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Thread: Visual C++ DLL: How to build a DLL to be used from another programming language?

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    Visual C++ DLL: How to build a DLL to be used from another programming language?

    Q: How to build a DLL to be used from another programming language?
    Q: How to a DLL and have the exported functions called via LoadLibrary() and GetProcAddress()?

    A: When you create a DLL with Visual C++, and you want to use the DLL with other languages, there are a few things that you should do (creating a DLL isn't just compiling code).

    1. Make sure your exported functions are declared as extern "C". The reason for this is so that the C++ name mangling is not used on the exported function names.

    2. Make sure your exported functions use '__stdcall' calling convention. The reason for this is that most other Window's languages assume the exported functions retrieve parameters starting from the rightmost parameter, and that the function called is responsible for stack cleanup on return. By default C and C++ functions assume '__cdecl' calling convention.

      You won't know when this problem exists until you call the exported function in your Delphi program. You did not declare
      your function as '__stdcall', so your [insert porgramming language, other than C/C++, here] program would have crashed as soon as you called the function.

    3. Use '__declspec(dllexport)'. This is so that the function can be exported (of course).

    4. Use a module definition file (.def-file). This removes the "@x" decoration that appears at the end of VC++ exported function names, where "x" is the total number of bytes in the arguments passed to the function. When the user of the DLL is using another language, the programmer would rather call "tempest", not "tempest@4". Yes, many of these other languages have an "aliasing" features so that you can access the function by a different name, but it is a pain in the neck. Just use a .def-file to remove the additional decoration and you won't have to do anything else.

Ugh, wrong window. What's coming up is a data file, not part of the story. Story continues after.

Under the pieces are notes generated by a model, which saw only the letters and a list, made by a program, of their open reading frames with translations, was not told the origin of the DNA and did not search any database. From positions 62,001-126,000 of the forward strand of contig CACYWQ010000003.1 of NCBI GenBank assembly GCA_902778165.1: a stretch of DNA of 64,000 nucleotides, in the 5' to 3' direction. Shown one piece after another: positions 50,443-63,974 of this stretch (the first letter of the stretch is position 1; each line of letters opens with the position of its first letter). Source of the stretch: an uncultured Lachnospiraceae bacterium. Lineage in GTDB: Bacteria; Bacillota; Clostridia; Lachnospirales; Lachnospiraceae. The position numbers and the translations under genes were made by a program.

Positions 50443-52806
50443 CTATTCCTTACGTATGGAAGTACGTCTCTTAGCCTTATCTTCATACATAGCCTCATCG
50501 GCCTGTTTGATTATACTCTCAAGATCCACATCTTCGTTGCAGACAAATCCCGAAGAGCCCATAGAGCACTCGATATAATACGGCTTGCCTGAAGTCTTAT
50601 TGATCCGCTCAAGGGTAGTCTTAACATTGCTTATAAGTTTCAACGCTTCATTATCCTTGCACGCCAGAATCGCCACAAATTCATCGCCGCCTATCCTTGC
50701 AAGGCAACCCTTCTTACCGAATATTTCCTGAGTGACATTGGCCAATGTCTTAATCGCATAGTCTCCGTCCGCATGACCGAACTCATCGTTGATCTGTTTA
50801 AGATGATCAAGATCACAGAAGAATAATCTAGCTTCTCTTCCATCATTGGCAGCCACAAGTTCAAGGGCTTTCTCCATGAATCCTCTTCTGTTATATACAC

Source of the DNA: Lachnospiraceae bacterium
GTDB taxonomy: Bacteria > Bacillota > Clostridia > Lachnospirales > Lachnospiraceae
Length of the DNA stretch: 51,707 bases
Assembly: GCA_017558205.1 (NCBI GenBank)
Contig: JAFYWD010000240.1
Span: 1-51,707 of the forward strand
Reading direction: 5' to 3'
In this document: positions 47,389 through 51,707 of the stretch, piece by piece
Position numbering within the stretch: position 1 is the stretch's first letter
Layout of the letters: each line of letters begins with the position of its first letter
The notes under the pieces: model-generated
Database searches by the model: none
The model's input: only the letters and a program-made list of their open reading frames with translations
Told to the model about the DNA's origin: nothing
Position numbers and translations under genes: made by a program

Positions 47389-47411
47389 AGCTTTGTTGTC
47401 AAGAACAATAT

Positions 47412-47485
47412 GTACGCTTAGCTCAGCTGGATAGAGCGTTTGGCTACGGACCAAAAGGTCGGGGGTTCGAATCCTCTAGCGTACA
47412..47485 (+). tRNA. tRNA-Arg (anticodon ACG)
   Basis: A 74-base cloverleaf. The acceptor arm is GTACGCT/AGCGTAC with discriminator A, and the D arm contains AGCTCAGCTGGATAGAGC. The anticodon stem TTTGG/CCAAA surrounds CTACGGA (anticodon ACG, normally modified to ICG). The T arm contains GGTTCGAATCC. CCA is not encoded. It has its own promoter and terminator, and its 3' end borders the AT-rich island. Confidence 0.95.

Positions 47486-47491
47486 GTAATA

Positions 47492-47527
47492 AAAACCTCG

Note: Just exporting the name does *not* remove all the decoration - you must follow steps a) *and* d). A lot think that you only need to do a) and b) and c). This is if you plan on using the DLL in only Visual C++. If you leave the module definition file out of these steps, you will get what you're seeing now -- an exported name that is not what you expect.

    If you do a search on CodeGuru, your question has been asked many times in various ways, and the reason for the problem is almost always that step d) was left out.

    Here is a sample of a module-definition fie (DEF file).

    DESCRIPTION 'This is my DLL

    Whatever1 @2
    Whatever2 @3
    The LIBRARY command must match the name of your DLL. So if your DLL is named YOURDLL.DLL, the LIBRARY command is followed by YOURDLL.

    The DESCRIPTION is any description you feel is appropriate for your DLL. The actual description is preceeded by a single quote (').

    The EXPORTS lists the functions that you exported, along with an ordinal number. It doesn't matter what ordinal numbers you use, so long as you maintain different numbers for each function, and you shouldn't change the ordinal numbers when you create an upgraded version of your DLL -- persons preferring to use ordinal numbers to call your functions will get angry.

    FAQ contributed by: [Paul McKenzie]

    Last edited by Andreas Masur; July 25th, 2005 at 12:48 AM.

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